How do you perform a gear-up landing in a large airliner (say, a Boeing 747)? Would you fly it like a normal landing, or are there special considerations (angle of touchdown, use/non-use of thrust reversers, etc.)?
4$\begingroup$ It was a small GA plane, but this pilot told ATC to "tell my wife I love her." $\endgroup$– CGCampbellDec 30, 2014 at 13:35
$\begingroup$ Patrick Smith, a US pilot, examines the issue in his book Cockpit Confidential amazon.in/… $\endgroup$– DSarkarDec 30, 2014 at 14:26
$\begingroup$ It recently happened to LOT B767 in Warsaw; the landing went quite well. $\endgroup$– Jan HudecJan 4, 2015 at 22:12
Assuming that the pilots have tried everything possible and the gear just does not like to come down:
The general rule is to find a long runway, touch down as slow as possible. Here are sections extracted from Boeing 777's Flight Crew Training Manual:
If time and conditions permit, reduce weight as much as possible by burning off or jettisoning fuel to attain the slowest possible touchdown speed.
After touchdown lower the nose gently before losing elevator effectiveness.
At touchdown speed, the rudder has sufficient authority to provide directional control in most configurations.
(...) speedbrakes should be extended only when stopping distance is critical. Extending the speedbrakes (...) may compromise controllability of the airplane.
(...) an engine making ground contact could suffer sufficient damage such that the reverse mechanism may not operate. Selecting reverse thrust (...) may produce an additional asymmetric condition that makes directional control more difficult. Reverse thrust should be used only when stopping distance is critical.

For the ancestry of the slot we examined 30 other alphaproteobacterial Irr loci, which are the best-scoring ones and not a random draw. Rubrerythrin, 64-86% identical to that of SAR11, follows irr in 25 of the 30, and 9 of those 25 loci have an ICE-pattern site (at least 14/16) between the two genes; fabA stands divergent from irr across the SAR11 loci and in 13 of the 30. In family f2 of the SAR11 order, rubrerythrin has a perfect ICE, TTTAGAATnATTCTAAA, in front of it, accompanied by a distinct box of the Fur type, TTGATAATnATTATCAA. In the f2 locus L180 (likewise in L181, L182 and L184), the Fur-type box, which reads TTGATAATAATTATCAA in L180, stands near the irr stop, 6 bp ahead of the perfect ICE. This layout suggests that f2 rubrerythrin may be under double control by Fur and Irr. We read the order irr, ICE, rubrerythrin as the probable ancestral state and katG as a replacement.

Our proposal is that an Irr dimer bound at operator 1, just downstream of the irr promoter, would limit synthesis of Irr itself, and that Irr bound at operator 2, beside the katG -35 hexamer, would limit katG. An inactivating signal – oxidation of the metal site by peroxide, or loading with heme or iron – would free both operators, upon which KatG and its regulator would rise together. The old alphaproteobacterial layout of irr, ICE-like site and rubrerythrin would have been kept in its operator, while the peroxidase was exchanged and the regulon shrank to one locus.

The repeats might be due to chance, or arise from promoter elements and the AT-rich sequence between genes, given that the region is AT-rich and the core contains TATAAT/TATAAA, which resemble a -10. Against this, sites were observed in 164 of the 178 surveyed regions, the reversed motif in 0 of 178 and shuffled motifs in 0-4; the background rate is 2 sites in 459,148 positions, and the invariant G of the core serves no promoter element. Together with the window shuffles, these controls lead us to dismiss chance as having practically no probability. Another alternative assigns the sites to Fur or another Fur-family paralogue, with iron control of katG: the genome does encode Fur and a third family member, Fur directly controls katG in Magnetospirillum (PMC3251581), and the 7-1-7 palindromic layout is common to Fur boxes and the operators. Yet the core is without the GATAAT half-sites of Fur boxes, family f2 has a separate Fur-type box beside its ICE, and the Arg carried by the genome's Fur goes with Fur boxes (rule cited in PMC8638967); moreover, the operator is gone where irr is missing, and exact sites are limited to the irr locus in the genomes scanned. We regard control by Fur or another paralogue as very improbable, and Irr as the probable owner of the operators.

The technique varies with the combination of failure. If one side of the main gears is missing, land the plane to the side of runway which corresponds to the extended main gear. I.e. if the left gear is down and right gear is up, land on the left side of the runway instead of centerline. Maintain wings level for as long as possible, and be prepared to brake on the left side to maintain directional control.
If all the gears decide to hide in the gears bay, land on centerline and use rudder to maintain directional control. Rudder is effective until airspeed drops too low.
Evacuate the aircraft as necessary!
$\begingroup$ Would it be a bad idea to retract the left gear/nose gear again, if possible? Maybe it would make it easier for the pilot to maintain directional-control and puts the load on the center-body, instead on the right wing. PS: Execluding B747/A380 and so on, they have more than two main-gears. $\endgroup$– PeterNov 22, 2016 at 12:25